As a new company surges into existence, it is focused on objectives that turn transformational ideas into a successful business. As Zetta Genomics has attracted the investment and partnerships to scale, our People Team is creating a talent structure that will drive innovation, engineering, productisation, marketing, sales and everything in between. We believe, however, that success depends on another and often overlooked structure: culture.
There’s a lot of talk about organisational culture – some of which can seem vague or difficult to quantify early on (which is why it’s so often greeted with an eye-roll). At Zetta, culture isn’t simply finding warm and fuzzy words and putting them on the website. Culture isn’t a box to be ticked. Culture won’t be found on a page in the annual report.
Culture defines everything that we do at the most basic level – to be identified, codified and embedded from the very beginning. It should be understood by, and communicated to, everyone in the team. While a company’s culture might be complex, it must be so intuitive that everyone can own, celebrate and share it.
There are many definitions of organisational culture, but I see it as the formalisation of the shared values that permeate a company, and the shared behaviours that these values inspire. Simply: how the company treats others – and how it expects others to treat the company.
Everything pivots on a company’s culture. It binds people, policies and products into a single purpose. Building cultures together, decisions around whether that purpose is progressive or toxic will be made by the people who work there.
Toxic cultures come with a high cost. I know because I’ve worked in them. I’m sure we all have. They encourage so many of the unpleasant aspects associated with the working world: presenteeism-oriented, task-driven, innovation averse and creatively atrophied. I didn’t work in these environments for long.
People are complex organisms – each with their own unique experiences. Given care, attention and opportunity – always coming from a place of trust – they will amaze and delight you. Treat them badly, however, and they will rightfully walk away.
In my experience, toxic cultures are far more onerous to maintain than healthy ones. Why tie your People Team up coercing and de-escalating, when it could be nurturing and supporting achievement? Why see Communications devoting untold hours to disingenuous messaging when it could be inspiring, shaping and sharing ideas? Why crack the whip on moribund product and sales teams when they could be self-driven by people who truly believe in what they do?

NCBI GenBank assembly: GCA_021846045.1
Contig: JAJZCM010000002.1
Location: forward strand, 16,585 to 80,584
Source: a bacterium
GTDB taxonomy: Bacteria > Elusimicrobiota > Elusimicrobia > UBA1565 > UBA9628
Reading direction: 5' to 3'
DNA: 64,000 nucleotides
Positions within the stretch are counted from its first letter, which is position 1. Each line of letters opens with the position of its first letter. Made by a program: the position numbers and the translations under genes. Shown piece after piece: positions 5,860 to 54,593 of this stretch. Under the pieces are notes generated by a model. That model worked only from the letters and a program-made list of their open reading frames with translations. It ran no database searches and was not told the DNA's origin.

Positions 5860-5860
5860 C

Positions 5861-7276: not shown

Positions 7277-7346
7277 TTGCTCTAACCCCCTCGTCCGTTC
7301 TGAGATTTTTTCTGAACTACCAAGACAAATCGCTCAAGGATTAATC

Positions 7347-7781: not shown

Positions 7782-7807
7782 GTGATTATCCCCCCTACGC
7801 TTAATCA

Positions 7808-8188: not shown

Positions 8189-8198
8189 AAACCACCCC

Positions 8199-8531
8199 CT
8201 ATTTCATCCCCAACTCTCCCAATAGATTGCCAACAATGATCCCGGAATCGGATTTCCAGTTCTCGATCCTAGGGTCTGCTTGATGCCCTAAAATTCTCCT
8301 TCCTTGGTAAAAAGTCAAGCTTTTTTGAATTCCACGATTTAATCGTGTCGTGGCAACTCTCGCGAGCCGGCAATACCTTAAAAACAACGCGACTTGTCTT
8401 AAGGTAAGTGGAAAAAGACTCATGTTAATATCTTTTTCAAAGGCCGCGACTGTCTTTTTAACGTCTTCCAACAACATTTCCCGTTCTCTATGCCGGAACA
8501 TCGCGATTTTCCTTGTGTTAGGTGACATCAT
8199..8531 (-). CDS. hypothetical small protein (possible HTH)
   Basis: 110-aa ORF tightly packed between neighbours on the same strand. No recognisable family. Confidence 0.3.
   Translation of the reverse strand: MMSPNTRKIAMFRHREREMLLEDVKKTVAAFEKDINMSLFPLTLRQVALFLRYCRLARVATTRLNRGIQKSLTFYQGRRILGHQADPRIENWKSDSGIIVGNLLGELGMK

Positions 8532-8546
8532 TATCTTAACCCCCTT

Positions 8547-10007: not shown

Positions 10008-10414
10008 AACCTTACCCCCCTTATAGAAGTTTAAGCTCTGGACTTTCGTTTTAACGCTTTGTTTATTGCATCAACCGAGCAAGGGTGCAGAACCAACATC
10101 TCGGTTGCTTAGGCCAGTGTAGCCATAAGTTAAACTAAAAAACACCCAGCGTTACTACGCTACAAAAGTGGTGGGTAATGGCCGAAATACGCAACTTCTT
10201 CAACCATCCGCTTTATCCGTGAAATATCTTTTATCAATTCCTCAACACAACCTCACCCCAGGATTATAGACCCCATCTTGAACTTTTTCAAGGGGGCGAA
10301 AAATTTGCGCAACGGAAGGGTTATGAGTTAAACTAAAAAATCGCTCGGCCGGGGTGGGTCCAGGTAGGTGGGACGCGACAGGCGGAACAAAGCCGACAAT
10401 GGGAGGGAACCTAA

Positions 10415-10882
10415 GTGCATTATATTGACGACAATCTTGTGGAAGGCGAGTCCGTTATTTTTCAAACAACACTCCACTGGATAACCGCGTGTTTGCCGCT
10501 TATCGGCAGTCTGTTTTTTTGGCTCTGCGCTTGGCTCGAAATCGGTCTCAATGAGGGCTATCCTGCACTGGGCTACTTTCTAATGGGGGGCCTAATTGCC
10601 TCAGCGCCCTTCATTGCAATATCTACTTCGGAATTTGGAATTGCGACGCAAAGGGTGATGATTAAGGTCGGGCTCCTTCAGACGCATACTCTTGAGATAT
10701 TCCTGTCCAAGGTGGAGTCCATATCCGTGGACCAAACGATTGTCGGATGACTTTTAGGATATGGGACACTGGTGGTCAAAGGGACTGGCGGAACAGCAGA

In toxic cultures, we very quickly see this turn into a waste of time, money and – most costly of all – talent.
Progressive and open cultures have a tangible impact on every aspect of a company’s performance.
A company that embeds respect, encourages and fosters its people, listening and acting in response to feedback internally is a company that will naturally do these things externally. These cultures inspire the effective, experience-led and authentic engagements that allow businesses to build trust, enhance products and build lasting customer relationships.
Companies that welcome honesty, don’t apportion blame and give their people the freedom to act – even when this means taking risks – will embed innovation. The confidence to surface wholly new ideas constantly refreshes existing products and pump-primes the development pipeline.
Progressive cultures will also have a positive impact on talent acquisition. In a post-Covid and post-Brexit world, talent in the Life Sciences and Tech spaces is at an extreme premium. The people able to harness the power of genomic data are few and in high demand. The best performers can – and do – choose the organisations with the best cultures. Those that think throwing money at cultural shortcomings will solve the problem quickly realise that a big pay cheque won’t compensate for their dysfunctional workplaces.
Finally, the confidence and creative freedoms that these cultures inspire make for safer organisations. The airline industry, for example, has embraced the idea that knowing when mistakes are made, and their causes, is far more important than blaming individuals for what are actually systematic failures. It means that air travel is the safest mode of transport in the world. It’s an approach that healthcare systems have tried to replicate – with varying degrees of success. The freedom to succeed must also be the freedom to try and fail.
Creating a culture takes time and a very real commitment from everyone within the company. While it might seem counter-intuitive, freedom must exist within a framework of systems and processes – transparent to everyone within the organisation – that support and protect it. Wishing a happy and functional culture into existence won’t cut it. Freedom without process isn’t freedom at all; it’s chaos.
I spoke earlier about a choice between progress and toxicity. Zetta Genomics has very clearly opted for the former. My appointment – alongside those of Ludo Chapman as our Chair, Bryony Burrows as our CFO and others – are powerful statements of intent. Zetta is investing, at the earliest possible stage, in its people and in its culture.
It’s why I came here. We are a new company with truly transformative genomic data technologies that will play a major role in the adoption of pervasive precision medicine – improving the lives of millions of people across the globe. Our mission matters and so our culture is the very real foundation for our ongoing and sustainable success.